Delays in the examination of the application and granting of financial assistance are still observed. Currently, the average processing time of applications for material reception conditions at the SWS is approximately 2-6 months, depending on the district.[16] This is due to various administrative difficulties, among which: staff shortages; demanding paperwork to be completed and documentation to be gathered and submitted by beneficiaries; the requirement for Welfare Officers to go through a time-consuming administrative procedure for all asylum-seeking beneficiaries in order for the benefits to be approved every month; difficulties experienced by the applicants in physically reaching and meeting with Welfare Officers. Furthermore, although the application for material assistance can be submitted without a rental contract in such cases applicants will not receive rent allowances and the received amounts for bills and daily expenses will also be reduced.

Since the registration of asylum seekers takes place at Pournara, access to reception conditions is directly impacted by the possibility of persons to access Pournara. In early 2020, asylum seekers were not allowed to exit the Centre, as a response by the authorities to the high numbers of arrivals and then as a response to Covid-19 pandemic. As a result the Centre soon exceeded capacity and no alternative access to asylum procedures was provided, leaving persons unregistered and with no access to reception conditions. This led to persons remaining homeless and sleeping rough near and around the AIU in Nicosia for days, before being sent to Pournara, where they were accommodated in tents outside the designated area of the facility.

In early 2021, approximately 200 asylum seekers were placed in tents outside the Centre in extremely substandard conditions waiting to enter the Center. The situation did not improve throughout 2021, and extremely long delays in accessing the Centre and registering asylum applications were reported, leading to hundreds waiting outside in dire conditions. The delays were also caused by the fact that the AIU carried out interviews on the routes followed and mode of entry into the country – as well as verification of identification and documents – before allowing persons to enter the Centre. Persons with a passport or some form of identification document were given access faster than those who had no documents, and many had to wait for weeks to access the Centre. In late 2021, based on recommendation from UNHCR a pre-admission section was created with chemical toilets, to accommodate people awaiting registration.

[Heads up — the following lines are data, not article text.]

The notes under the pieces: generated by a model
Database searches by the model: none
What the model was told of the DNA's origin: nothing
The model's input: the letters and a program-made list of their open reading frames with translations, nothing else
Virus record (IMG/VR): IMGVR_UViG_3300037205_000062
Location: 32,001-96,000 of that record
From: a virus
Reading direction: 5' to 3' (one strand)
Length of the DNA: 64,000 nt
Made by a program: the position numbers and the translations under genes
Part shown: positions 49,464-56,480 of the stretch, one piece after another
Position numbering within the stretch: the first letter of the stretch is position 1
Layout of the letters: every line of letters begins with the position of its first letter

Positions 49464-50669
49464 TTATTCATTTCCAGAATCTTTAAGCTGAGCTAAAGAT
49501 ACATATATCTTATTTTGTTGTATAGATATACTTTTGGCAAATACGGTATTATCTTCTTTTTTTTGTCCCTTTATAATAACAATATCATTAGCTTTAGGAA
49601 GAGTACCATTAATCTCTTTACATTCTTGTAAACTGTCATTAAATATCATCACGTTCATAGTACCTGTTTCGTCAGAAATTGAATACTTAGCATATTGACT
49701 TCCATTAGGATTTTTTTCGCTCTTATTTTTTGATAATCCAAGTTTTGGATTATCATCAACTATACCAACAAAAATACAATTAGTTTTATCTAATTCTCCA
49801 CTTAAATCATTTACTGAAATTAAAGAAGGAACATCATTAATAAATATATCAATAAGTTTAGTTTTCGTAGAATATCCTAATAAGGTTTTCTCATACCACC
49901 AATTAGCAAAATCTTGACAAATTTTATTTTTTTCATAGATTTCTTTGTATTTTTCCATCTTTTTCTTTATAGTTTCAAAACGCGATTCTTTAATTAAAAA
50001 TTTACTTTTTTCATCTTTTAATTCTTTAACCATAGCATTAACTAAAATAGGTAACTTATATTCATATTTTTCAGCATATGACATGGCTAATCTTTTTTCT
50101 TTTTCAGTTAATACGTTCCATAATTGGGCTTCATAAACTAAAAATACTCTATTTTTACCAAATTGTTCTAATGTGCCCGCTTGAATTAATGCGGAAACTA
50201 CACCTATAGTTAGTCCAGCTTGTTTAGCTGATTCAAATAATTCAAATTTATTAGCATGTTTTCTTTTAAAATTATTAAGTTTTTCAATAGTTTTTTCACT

In early 2022, it was reported that between 40 and 50 persons daily were not admitted into the Centre for registration after their arrival and did not have access to reception conditions and had to return multiple times before being granted access.[17] Furthermore, in mid-2022 the authorities dismantled all the tents in the pre-submission section, leaving only 3 tents which are currently placed outside the Centre. There were approximately 100-150 persons outside the Centre each morning waiting for admission, with only 50-60 allowed in each day. The remaining persons either reside in the 3 tents or leave the area and return the following day. Persons without any documentation wait significantly longer before they are admitted into the Centre. Overall, throughout 2022 the number of persons waiting to be registered and therefore not having access to reception conditions fluctuated and on average 40-60 persons were admitted each day. The authorities prioritize persons with passports or valid documentation, whereas persons without passports wait approximately 2 weeks before they are admitted into the Centre.





[1] Article 11(B)(2) Refugee Law.

[2] Article 8 (1A) Refugee Law.

[3] 16Δ (4)(a), Refugee Law.

[4] Appeal against the decision of the Administrative Court No. 8/2022, Sohel Madber v. Republic of Cyprus, 17 November 2022, available at

[5] Information provided by Cyprus Refugee Council

[6] Article 9IA(3) Refugee Law

[7] The confirmation provided is titled ‘Confirmation of Submission of an Application for International Protection’.

[8] Article 8(1)(b) Refugee Law.

[9] Article 11(4)(a) Refugee Law.

[10] Information provided by Cyprus Refugee Council.

[11] Information provided by Cyprus Refugee Council.

[12] Information provided by Cyprus Refugee Council.

[13] For further information see AIDA 2021.

[14] Ministerial Decision 93.451, made on 28/7/2022, available at:

[15] Available at:

[16] Information provided by Cyprus Refugee Council.

[17] Information provided by the Cyprus Refugee Council.

Table of contents

  • Statistics
  • Overview of the legal framework
  • Overview of the main changes since the previous report update
  • Asylum Procedure
  • Reception Conditions
  • Detention of Asylum Seekers
  • Content of International Protection
  • ANNEX I – Transposition of the CEAS in national legislation